Critiquing Martial Art Clips

In today’s world the internet is full of video clips of everything one could imagine and the martial arts area has no shortage.  The comments that often are found are often unreadable as everyone thinks they are an expert and behind the computer screen in some remote part of the continent brutal critiques are common place.  We all know how it is.  I just thought I would offer some guidelines in watching martial art clips for the serious martial artist especially for the ones that study the Chinese Boxing arts and Internal studies.

For those who are not experienced and have no understanding of realistic martial arts you would not expect an accurate evaluation of the clip.  The majority of responders probably fit into this category.  For those who are serious here are some guidelines

1. Understand the problem of demonstrating realistic martial art.  The helper is normally there to help the instructor or practitioner demonstrate the merits of their art.  If the demonstrator wants to protect the helper from injury they cannot possibly really show realistic martial art.  If it is realistic then one of the two parties at least will be injured.  One should also understand that it would not necessarily take any skill to hurt a helper.  We have all seen people demonstrating out of control and injuring the person that was willing to be the helper.  It amazes me when the person commenting says things such as “that would never work in the real world” and “what if that person was fighting back”.  Well yes, someone would be hurt, but then you are not looking at what it looks like when it is in the realistic environment.  This simple understanding can allow one to look past the unrealistic demonstration and see if there is anything to glean from the demonstration.  By the way, there are many realistic demonstrations of fights on the internet (youtube etc.).  Good luck learning something about fighting skill from watching these adventures.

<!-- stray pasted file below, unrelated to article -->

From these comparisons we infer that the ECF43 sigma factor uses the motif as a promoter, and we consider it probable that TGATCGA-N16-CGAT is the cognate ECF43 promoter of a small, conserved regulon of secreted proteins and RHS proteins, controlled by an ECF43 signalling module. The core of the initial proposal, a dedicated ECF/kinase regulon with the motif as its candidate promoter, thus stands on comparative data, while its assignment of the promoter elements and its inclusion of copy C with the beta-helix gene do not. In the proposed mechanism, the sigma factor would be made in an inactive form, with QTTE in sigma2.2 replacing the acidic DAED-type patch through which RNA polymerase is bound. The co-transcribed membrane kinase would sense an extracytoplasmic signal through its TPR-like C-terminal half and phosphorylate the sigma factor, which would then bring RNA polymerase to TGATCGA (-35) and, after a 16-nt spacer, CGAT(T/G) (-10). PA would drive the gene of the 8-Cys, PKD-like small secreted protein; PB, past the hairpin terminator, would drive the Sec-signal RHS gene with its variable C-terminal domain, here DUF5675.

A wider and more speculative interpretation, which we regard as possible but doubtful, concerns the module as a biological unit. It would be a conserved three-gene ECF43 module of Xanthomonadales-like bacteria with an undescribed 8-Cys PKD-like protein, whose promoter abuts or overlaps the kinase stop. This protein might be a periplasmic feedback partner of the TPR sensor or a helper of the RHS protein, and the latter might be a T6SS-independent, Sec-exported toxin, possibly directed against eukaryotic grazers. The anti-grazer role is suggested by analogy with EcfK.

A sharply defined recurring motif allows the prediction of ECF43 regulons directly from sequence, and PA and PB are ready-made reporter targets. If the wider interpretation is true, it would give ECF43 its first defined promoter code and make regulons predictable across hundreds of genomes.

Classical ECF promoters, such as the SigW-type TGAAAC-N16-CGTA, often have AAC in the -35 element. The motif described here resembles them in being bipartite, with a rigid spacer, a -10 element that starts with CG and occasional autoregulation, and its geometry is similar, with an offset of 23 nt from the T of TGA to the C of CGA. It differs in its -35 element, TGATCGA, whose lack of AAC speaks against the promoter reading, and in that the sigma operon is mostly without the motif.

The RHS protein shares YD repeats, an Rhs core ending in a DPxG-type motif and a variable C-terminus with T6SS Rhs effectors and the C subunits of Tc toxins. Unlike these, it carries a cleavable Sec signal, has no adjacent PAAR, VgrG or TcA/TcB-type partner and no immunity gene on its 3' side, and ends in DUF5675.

2. Sometimes the critique is given that the helper is faking the degree of force that is being applied.  That is an accurate critique in many cases.  Lets say we are not talking about the fakers that get “pointed at” and then shake and wobble and fall away many times without being touched.  Now this could be possible if there is a spiritual power being administered but to me that is another subject that can be discussed another time.  Again, for the serious Chinese Boxing student who wants to demonstrate various aspects of his art one tries to give a picture of what could happen without injuring the helper.  For example, suppose one wanted to demonstrate an interception or stop hit as an attacker moves forward.  Now if the technique is perfect and timing is right considerable impact may occur.  Now the impact may or may not knock someone out, so if there is a total plan in following up the hit, one may want to demonstrate in such a way to show the reaction if one was hit.  So if one uses a punch with the lead hand moving into the opponent…  surprising the opponent as to the distance …. then if the helper reacts as if he is colliding and jerks his head back a little bit the observer can understand that the collision of the stop hit has occurred and in many cases that gives the stop hitter a chance to launch an aggressive attack to try and defeat the opponent.  Now, one can holler fake, but the option is to injure the helper with the punch causing the type of reaction which would give the stop hitter a chance to launch his secondary attack.

3.  In an idea world, what should happen is that when one post a clip as a means of showing an art, it would be extremely helpful if an explanation would be presented explaining to the viewer what is being shown and what is not.  If one makes the proper claims and explains properly certainly there should be less complaints.

Ah, in a perfect world.  Probably not going to happen.  Just speaking for a lot of people.

j. cravens


One comment on “Critiquing Martial Art Clips

  1. Bill Helm says:

    Thanks James….good blog

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